Residents near new Walter Reed worry about traffic plans

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Local,Maryland,Transportation,Ben Giles
Maryland plans to widen Rockville Pike

Bethesda residents living in the shadow of the new Walter Reed hospital fear the impact several years' worth of road construction may have on their homes, and in some cases, their own front lawns.

State officials are planning $19 million in upgrades to the intersection of Rockville Pike and Cedar Lane to handle the extra traffic from the newly expanded Walter Reed National Military Medical Center, including adding a lane to Rockville Pike for several blocks north of Cedar Lane.

Patient visits are expected to double to 1 million annually at the Bethesda hospital since it absorbed the old Walter Reed in D.C. The consolidation was a part of the Army's Base Realignment and Closure plan, better known as BRAC.

Residents of Locust Hill, some of whom live on a service road parallel to Rockville Pike, worry the project may push the road back into their lawns.

"We don't know whether this extension of the highway will consume the land between the access road and the highway," resident Don Willard said.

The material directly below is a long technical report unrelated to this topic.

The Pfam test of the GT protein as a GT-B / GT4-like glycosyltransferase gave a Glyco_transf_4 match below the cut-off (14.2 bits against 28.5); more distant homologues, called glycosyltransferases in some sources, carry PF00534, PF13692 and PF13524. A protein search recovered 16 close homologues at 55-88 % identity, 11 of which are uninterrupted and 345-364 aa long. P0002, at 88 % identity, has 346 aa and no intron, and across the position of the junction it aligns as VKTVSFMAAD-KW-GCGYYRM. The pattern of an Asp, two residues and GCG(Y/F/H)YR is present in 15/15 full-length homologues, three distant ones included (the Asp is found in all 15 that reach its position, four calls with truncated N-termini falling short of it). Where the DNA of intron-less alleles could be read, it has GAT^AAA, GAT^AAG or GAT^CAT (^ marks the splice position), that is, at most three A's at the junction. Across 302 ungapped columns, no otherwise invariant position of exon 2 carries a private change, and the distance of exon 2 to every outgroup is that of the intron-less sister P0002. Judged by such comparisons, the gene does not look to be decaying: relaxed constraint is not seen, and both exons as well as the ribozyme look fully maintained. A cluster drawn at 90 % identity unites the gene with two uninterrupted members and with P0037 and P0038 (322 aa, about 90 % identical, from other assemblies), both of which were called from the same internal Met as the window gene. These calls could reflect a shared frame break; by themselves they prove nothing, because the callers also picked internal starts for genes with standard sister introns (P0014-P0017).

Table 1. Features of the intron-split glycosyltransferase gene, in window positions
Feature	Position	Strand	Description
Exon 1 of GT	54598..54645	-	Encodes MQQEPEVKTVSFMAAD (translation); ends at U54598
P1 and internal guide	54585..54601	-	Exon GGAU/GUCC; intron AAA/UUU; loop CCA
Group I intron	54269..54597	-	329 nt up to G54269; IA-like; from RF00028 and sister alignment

And construction could cut off dozens of residents from the only access point they have to their own homes, he said.

The state already owns the first several feet of property in the yards along the service road, according to Phil Alperson, BRAC coordinator for Montgomery County. But project designs haven't reached a point where officials can say how much land is needed to widen Rockville Pike, he said.

Even a small loss of property might not be worth the price of traffic, according to Jim Turner, president of the Locust Hill Civic Association.

"At best, SHA models show an extra lane would cut off about eight seconds of the outbound commute," Turner said. "That doesn't seem like a very efficient use of $19 million."

Alperson said the cost of doing nothing could be far worse. Traffic is already categorized as failing at the intersection, and an extra northbound lane, even if only for a few blocks, would make leaving the hospital much smoother, he said.

Residents also need to consider all the projects at stake -- state officials plan to improve three other intersections, and the county plans to build an underground tunnel connecting Walter Reed with the Medical Center Metro station, located on the opposite side of Rockville Pike at the National Institutes of Health campus.

"The net at the end of the day is traffic will be better than it is now, even if there's more cars on the road because of BRAC," Alperson said.

bgiles@washingtonexaminer.com

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